Whole Grains

I use a lot of whole grains in my healthy family recipes. Whole grains, as a general rule, are rich in protein and in complex carbohydrates. They are also rich in fiber and keep you fuller longer.

I am familiar with the Paleo theory, which claims grains are unnecessary. I am also familiar with the fact that cave men (whose diet Paleo is telling us to imitate) usually were dead before they reached the age of thirty. Having said that, here’s what I think: while  there is scientific evidence which supports limiting the consumption of wheat and possibly other gluten-containing grains. However, gluten-free grains, such as quinoa and buckwheat are beneficial to health and should be eaten on a regular basis.

Here’s a list of the most common whole grains and some advice on cooking them:

This small-grained sticky grain is high in fiber and rich in nutrients. It has a high concentration of lysine, an essential amino acid.

Barley contains a lot of B-vitamins as well as minerals, like selenium, iron, magnesium, zinc, phosphorus and copper.

Buckwheat is a gluten-free grain, rich in protein and iron, as well as in B-vitamins. Use buckwheat to make pilafs, casseroles and stuffings. Substitute up to 1/3 of ground meat for buckwheat in hamburger, meat loaf and virtually any other recipe.

This ancient Egyptian wheat was recently rediscovered. It’s rich and buttery with a great, chewy texture. I use it as a substitute for brown rice.

This mild, very digestible grain is a great wheat substitute. Millet has a good balance of essential amino acids and is delicious with sautéed vegetables and beans.

Quinoa contains all essential amino acids, making this grain a complete protein! It is actually a small dried seed with a great nutty flavor. I used it to stuff peppers, make casseroles, salads and more!

These are steamed and cut whole oat groats (a.k.a. hulled grains). They’re chewy and make a delicious hot cereal. I also make a nice savory oat dish.

Early oriental writings mention the calming and soothing effect of brown rice which has been confirmed by modern science. Brown rice is rich in the B-complex vitamins , low in fat, cholesterol, and sodium and hence makes a perfect food for those with high blood pressure and requiring a low-sodium diet. The calcium in rice (especially brown rice) helps lower blood pressure.White rice is one of the easiest and quickest foods to digest requiring only an hour to completely digest it. As such, rice is an ideal health food for those who are debilitated and weak and require easy assimilation and quick energy.

This high-protein, low-gluten grain is more slowly digested than other grains.

Spelt, while similar to wheat, actually has 30% more protein. Use spelt just as you would wheat.

This ancient grain has a sweet and malty flavor; it’s a rich source of calcium, magnesium, boron, copper, phosphorus and zinc, too. Contains twice as much iron as wheat and barley!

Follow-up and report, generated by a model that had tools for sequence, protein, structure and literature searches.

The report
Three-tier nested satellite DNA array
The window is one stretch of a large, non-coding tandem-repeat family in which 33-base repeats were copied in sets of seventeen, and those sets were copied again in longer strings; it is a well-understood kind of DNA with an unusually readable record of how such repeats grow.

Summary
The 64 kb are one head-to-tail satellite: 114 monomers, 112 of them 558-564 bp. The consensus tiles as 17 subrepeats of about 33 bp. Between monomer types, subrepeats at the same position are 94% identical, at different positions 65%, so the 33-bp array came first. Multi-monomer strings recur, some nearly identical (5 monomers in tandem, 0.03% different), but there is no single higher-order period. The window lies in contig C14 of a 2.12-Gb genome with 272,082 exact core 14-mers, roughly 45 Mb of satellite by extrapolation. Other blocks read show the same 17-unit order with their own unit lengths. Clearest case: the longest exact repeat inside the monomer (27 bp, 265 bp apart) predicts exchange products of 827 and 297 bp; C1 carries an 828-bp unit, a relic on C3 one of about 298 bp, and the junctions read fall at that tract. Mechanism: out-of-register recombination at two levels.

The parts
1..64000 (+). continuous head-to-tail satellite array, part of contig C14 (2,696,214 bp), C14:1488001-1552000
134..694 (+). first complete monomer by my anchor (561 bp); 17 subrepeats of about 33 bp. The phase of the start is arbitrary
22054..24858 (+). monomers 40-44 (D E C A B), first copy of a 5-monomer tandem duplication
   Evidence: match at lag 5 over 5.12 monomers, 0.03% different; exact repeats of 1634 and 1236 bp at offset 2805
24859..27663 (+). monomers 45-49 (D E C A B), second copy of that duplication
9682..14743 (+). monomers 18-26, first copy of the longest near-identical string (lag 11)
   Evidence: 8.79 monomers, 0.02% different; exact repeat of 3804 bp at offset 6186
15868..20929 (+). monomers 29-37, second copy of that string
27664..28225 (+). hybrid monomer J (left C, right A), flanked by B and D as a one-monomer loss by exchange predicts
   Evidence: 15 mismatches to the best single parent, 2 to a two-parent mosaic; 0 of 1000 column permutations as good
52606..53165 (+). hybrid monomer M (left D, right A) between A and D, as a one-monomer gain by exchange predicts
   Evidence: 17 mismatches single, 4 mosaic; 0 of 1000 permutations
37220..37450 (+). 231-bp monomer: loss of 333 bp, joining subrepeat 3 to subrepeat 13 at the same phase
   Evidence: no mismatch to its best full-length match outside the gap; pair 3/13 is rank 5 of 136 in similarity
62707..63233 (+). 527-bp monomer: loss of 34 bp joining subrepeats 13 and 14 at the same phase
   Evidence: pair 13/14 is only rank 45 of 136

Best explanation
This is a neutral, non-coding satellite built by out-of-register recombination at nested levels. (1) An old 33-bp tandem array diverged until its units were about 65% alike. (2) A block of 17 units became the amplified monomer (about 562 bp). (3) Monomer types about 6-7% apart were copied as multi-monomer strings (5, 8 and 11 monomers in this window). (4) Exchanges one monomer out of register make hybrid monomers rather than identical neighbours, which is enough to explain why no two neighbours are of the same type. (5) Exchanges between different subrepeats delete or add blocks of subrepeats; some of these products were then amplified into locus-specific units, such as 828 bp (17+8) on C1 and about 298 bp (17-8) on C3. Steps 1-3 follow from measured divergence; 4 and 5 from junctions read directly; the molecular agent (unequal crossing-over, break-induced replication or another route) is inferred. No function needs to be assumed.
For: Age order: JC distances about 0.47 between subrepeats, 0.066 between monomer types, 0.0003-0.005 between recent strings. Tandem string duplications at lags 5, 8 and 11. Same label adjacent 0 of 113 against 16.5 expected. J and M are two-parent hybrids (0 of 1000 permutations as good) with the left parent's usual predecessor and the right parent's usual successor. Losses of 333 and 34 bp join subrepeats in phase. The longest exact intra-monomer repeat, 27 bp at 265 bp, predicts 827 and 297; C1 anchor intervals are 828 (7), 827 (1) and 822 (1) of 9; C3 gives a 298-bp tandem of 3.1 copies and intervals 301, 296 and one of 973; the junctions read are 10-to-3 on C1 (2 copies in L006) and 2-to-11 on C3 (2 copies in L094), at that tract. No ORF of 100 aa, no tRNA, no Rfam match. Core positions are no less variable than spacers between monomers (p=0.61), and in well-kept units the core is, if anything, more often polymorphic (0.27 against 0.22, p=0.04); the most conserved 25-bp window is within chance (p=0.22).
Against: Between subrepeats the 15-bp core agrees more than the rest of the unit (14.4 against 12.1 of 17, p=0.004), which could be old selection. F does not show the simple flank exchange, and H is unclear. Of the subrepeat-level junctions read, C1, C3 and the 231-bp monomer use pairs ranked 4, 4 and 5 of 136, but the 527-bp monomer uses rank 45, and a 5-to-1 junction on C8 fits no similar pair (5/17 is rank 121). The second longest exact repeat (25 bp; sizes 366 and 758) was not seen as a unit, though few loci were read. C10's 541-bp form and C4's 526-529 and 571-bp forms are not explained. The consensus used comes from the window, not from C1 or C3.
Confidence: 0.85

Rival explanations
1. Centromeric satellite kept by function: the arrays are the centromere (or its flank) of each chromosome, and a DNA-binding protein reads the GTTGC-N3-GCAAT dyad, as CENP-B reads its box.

Many people are allergic to this most commonly used grain, but don’t know it. Gluten, a protein found in wheat, barley, rye and oats, is difficult for many people to digest. If you are sensitive or allergic to gluten, you can experience bloating, constipation or gas after eating wheat and other glutenous grains. Other related problems are allergies, celiac disease, brain fog, chronic indigestion and candida.

How To Cook Whole Grains:

Rinse: Prior to cooking, rinse whole grains thoroughly in cold water until the water runs clear then strain them to remove any dirt or debris.
Cook: You can cook whole grains by simply boiling the water, then adding the grain, return water to a boil, then simmer, covered, until tender.  You can also use broth instead of water or add a sheet of  kombu seaweed for even more flavor.
Test: Always test whole grains for doneness before taking them off of the heat; most whole grains should be slightly chewy when cooked.
Fluff: When grains are done cooking, remove them from the heat and gently fluff them with a fork. Then cover them and set aside to let sit for 5 to 10 minutes and serve.
Serve: I like to serve my whole grains with a some olive oil and sea salt.

Some people have trouble digesting whole grains. Soaking grains, or fermenting them by soaking in hot water with vinegar, neutralizes the phytic acid and makes the grains easier to digest. All grains contain phytic acid in the outer layer of the bran. Phytic acid combines with certain minerals in the body, such as calcium, magnesium, copper and iron, and can block absorption in the intestines, which may lead to digestive disorders, mineral deficiencies and bone loss. Eight hours of soaking in warm water will neutralize the phytic acid, and greatly improve the nutritional benefits of grains. Even an hour of soaking will help.